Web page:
Mrs Jewell and the Wreck of the General Grant by Cristina Sanders – 2022

The General Grant was sailing to Britain from Melbourne in 1866, carrying a large quantity of gold, and miners who had had enough of the fields. Among them was a young newly married couple: Joseph from the gold fields, working as an able seaman, and Mary, who had been working as a hotel maid in Melbourne when they met. Everything was new and exciting for Mary, and she was full of hope. And then the General Grant wrecked on the cliffs of the Auckland Islands far to the South of Aotearoa / New Zealand. The vessel was crushed into a cave and eventually sank – all but a “collection of fifteen wrecked souls to be counted” were lost.

Mary and Joseph are two of the fifteen. Mary, the only surviving woman, is the narrator of the story. One of my favourite novels is The Bright Side of My Condition by Charlotte Randall, based on an historical incident where four escaped convicts were left on one of the Snares Islands. Such stories are told in a crucible of extreme hardship. Mrs Jewell and the Wreck of the General Grant has the same intense character presentation as Randall’s novel, and it has the added elements of a woman amongst the survivors, and the gold that weighs them down – gold that has value “not for what it could buy, but for what it had cost”.

Mary and Joseph’s relationship on the islands is fraught with suspicion and guilt, and eventually “My husband had lost the habit of talking to me.” Could Joseph have done more to save others? If Mary had acted differently would more have survived? She had been working as a ship stewardess, helping some of the passengers with child-care during the voyage, and she was beginning to think she would soon have a child of her own. Why had she not held onto the child she had become particularly fond of? If she had, might the child have been saved?

Mary is, as are many of the others, haunted by those she saw drown. There are two candidates for who should lead the group and keep them occupied. The obvious choice is Mr Brown, the first mate, but he is not coping well with the situation, particularly tragic for him. James Teer is a strong Irishman, a natural leader. Teer and the others vow to protect Mary, and he gets all the men to introduce themselves. It is a civilised beginning, but there is a woman and there is gold, and among them are those who had swum passed drowning children to get to the lifeboat.

The reader gets to know the individuals in the group (there is a handy list of names and occupations at the beginning of the book). There are the charming, the pathetic, the hideous, the heart-rending, the noble. Mary must balance keeping the men distant with keeping them loyal to her, and there is always a hand creeping on to her leg at night. She is excluded from any decision making or storytelling, she is viewed as different, women are bad luck at sea, women should be able to sew and heal, women are a temptation, however “We aren’t nearly such good men without a woman’s company.”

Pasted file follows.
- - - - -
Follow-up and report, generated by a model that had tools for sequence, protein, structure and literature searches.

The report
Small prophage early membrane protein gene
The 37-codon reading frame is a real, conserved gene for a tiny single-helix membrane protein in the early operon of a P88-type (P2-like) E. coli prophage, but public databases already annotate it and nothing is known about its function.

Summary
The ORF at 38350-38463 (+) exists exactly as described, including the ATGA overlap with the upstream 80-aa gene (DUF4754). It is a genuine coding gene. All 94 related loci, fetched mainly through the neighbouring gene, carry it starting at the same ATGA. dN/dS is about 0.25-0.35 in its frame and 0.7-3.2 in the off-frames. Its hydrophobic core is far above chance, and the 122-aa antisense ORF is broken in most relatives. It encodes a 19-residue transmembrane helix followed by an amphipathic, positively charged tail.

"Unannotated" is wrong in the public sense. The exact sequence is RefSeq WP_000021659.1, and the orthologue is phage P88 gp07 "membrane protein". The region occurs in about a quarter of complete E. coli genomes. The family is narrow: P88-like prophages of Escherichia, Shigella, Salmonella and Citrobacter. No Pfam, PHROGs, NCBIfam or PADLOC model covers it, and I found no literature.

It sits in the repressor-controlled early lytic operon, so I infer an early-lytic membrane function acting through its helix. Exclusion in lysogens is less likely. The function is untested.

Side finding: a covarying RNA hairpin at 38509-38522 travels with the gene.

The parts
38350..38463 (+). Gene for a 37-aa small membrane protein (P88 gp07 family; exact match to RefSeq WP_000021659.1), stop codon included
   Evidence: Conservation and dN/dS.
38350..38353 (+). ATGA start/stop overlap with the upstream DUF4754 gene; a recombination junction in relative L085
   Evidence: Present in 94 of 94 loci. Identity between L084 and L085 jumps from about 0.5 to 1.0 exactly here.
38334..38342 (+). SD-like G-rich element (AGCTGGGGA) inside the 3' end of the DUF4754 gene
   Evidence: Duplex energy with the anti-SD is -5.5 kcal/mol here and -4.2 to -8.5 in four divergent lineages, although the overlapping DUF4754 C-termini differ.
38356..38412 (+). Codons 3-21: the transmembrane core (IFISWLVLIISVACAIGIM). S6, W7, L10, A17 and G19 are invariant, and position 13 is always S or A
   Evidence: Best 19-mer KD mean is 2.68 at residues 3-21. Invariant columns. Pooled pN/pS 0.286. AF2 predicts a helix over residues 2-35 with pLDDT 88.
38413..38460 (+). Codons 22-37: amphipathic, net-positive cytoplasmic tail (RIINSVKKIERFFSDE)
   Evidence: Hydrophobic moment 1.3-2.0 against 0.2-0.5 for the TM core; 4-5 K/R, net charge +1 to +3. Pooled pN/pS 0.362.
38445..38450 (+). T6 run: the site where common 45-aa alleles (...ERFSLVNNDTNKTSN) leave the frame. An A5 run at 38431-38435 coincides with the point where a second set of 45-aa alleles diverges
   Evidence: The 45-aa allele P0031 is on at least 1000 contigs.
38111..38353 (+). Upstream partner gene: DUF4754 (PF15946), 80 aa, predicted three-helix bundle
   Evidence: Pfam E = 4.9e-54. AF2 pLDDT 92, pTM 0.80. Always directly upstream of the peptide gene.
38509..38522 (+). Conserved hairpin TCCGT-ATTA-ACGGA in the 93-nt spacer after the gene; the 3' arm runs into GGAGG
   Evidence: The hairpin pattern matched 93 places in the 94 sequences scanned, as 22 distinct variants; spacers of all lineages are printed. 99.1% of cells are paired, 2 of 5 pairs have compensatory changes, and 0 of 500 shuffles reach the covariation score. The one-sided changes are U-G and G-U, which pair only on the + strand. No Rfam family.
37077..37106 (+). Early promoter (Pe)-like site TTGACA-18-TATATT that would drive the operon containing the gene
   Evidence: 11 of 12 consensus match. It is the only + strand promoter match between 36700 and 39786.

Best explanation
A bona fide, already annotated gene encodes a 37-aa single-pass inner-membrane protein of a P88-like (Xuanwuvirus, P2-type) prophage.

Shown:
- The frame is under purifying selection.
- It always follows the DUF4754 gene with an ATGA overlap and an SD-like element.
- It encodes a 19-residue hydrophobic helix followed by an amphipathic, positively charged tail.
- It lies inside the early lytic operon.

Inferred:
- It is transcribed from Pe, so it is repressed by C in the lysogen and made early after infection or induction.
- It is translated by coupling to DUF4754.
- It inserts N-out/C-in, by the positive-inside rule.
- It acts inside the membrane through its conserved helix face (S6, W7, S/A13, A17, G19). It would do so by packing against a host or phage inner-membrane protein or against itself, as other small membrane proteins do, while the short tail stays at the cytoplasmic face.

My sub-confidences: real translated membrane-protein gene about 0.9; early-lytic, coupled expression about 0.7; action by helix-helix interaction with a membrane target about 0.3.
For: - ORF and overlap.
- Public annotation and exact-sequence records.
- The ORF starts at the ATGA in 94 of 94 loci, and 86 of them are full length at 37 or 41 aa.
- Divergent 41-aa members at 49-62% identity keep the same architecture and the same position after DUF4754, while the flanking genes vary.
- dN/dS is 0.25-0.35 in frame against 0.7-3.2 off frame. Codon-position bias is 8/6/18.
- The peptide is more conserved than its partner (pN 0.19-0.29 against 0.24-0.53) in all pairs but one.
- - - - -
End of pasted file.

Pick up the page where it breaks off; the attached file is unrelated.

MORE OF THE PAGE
Mary is not without agency, she exerts herself when necessary, breaking up fights, staring down charging seals. And she puzzles that she is drawn to another in whom “There was appeal in the sheer bulk of him.” She copes with the hunger, the cold, the disgusting food, the loose teeth, the loose bowels, the bad breath. It is a nightmare and within it is the significance of objects, a bottle, a box made for her, a whistle, her handkerchief that causes a fight. She is almost lost. She holds onto the hope that a ship will find them and carry them away.

Most of the fighting is over gold. “They were draining energy they didn’t have over sunken gold they couldn’t eat.” Many wanted to go back to try and recover what had been lost to the sea, for some it was gold, for others dead bodies. But they had no bearing to point to “where the ship lay in a cave with her bones and gold”. Some of the fifteen don’t make it, and those that do have a way to go to ease back into the world. The survivors must adjust to the company of others “I think, … now that we are back in the world again, that you should call me ‘Mrs Jewell’”.

Mrs Jewell and the Wreck of the General Grant is an imagining of what might have happened on the islands based on the reports of three of the shipwrecked men. It is vivid and visceral, with the best and worst of the human character on display. Mary Jewell is a wonderful rendering of a woman in extraordinary circumstances. And somewhere under the water in one of the hundreds of caves in the cliffs along the coast of the Auckland Islands, the bodies and the gold still lie …  

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